tkinter + unicode + bug or feature??

vincent wehren v.wehren at home.nl
Sat Jan 25 08:33:00 CET 2003


"Martin v. Löwis" <martin at v.loewis.de> schrieb im Newsbeitrag
news:b0t0qj$76g$05$1 at news.t-online.com...
> Bob van der Poel wrote:
> > BTW, I really think this is a bug. If you enter "ascii" text into the
> > entry box you get() returns a string, if you enter "extended ascii" you
> > get a unicode string. <..>
> > Well, yes. Being on the US-side (altho I do live in Canada and we're a
> > bit less centric in our thinking) I was just referring to a "normal"
> > encoding...whatever that is :)
>
> There is no such thing.
>
> > Yes, local.getlocale() works fine. Now, if I do use encode on these
> > strings, will I run into problems if the user's locale is not encodable
> > into 8bits. Or can that not happen?
>
> Depends on what you mean by "8bits". You might have meant to ask
>
> Q. Could it happen that the user enters characters that cannot be
> represented in the 'normal encoding'?
> A. Yes, this can happen. If you merely want to compare this to another
> byte string, you should decode that byte string to Unicode, and perform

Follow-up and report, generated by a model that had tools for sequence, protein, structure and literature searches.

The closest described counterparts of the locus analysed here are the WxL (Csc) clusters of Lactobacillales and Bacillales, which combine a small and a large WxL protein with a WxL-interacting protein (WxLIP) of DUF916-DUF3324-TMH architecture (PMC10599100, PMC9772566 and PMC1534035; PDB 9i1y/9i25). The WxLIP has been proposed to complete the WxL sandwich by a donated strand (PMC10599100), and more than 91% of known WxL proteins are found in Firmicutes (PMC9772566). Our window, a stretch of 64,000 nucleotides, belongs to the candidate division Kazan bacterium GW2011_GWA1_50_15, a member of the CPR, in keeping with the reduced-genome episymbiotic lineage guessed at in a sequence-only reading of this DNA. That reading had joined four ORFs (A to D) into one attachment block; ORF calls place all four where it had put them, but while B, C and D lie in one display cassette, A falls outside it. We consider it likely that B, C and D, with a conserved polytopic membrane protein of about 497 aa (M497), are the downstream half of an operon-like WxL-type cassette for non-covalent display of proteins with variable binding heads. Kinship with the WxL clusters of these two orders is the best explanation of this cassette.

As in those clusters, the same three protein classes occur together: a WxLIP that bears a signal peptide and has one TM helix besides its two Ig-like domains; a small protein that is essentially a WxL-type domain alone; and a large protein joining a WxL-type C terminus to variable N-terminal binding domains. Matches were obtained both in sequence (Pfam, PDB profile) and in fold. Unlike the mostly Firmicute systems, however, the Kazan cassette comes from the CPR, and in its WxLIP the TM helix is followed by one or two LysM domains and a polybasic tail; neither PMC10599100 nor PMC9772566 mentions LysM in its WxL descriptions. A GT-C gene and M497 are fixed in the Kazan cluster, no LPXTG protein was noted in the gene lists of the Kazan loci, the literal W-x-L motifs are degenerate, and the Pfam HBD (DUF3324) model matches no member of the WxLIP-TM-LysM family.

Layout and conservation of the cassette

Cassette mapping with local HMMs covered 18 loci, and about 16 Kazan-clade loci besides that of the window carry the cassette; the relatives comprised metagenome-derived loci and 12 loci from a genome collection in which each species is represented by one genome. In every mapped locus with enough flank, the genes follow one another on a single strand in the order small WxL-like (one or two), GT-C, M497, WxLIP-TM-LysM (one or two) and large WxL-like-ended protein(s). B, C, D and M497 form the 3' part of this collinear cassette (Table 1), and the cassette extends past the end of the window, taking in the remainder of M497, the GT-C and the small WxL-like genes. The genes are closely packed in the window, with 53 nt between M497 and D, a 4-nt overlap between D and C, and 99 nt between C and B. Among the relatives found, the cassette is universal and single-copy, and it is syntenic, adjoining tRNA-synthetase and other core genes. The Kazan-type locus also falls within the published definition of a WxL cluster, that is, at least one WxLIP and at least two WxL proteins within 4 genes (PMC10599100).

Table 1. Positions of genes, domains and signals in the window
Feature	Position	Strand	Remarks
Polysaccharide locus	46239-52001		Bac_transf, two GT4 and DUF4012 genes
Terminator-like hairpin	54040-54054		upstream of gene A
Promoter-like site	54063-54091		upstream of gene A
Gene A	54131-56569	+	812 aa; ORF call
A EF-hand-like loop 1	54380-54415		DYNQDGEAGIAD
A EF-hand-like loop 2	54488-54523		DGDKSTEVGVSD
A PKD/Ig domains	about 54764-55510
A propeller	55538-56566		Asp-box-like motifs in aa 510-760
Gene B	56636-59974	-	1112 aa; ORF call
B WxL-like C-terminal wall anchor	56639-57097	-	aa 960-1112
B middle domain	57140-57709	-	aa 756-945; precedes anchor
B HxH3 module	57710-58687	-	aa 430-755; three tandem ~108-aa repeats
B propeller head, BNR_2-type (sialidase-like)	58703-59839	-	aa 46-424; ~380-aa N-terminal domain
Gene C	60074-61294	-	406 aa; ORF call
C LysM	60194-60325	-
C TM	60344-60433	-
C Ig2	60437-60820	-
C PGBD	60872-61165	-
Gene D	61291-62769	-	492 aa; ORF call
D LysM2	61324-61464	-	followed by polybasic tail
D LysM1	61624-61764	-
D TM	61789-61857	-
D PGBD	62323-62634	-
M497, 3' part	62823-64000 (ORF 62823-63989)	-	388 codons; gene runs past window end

> the comparison then.
>
> or you meant to ask
>
> Q. Could it happen that the encoding produces more than one byte per
> character.
> A. Yes, this can happen, but it is no problem.
>
> or you meant to ask
>
> Q. Will Python support 'normal encodings' that produce more than one
> byte per character out of the box?
> A. No, Python does not ship with any such codecs (*). You should install
> the JapaneseCodecs, KoreanCodecs, or ChineseCodecs package for that.

ChineseCodecs? Are those the ones the guys at BasisTech promised to the
Python community
(http://www.basistech.com/papers/chinese/python-zh-transcoding-iuc20-te2.pdf
)? Are they aleady available?

Vincent Wehren


>
> Regards,
> Martin
>
> (*) Except for UTF-8, UCS-2, UCS-4.
>






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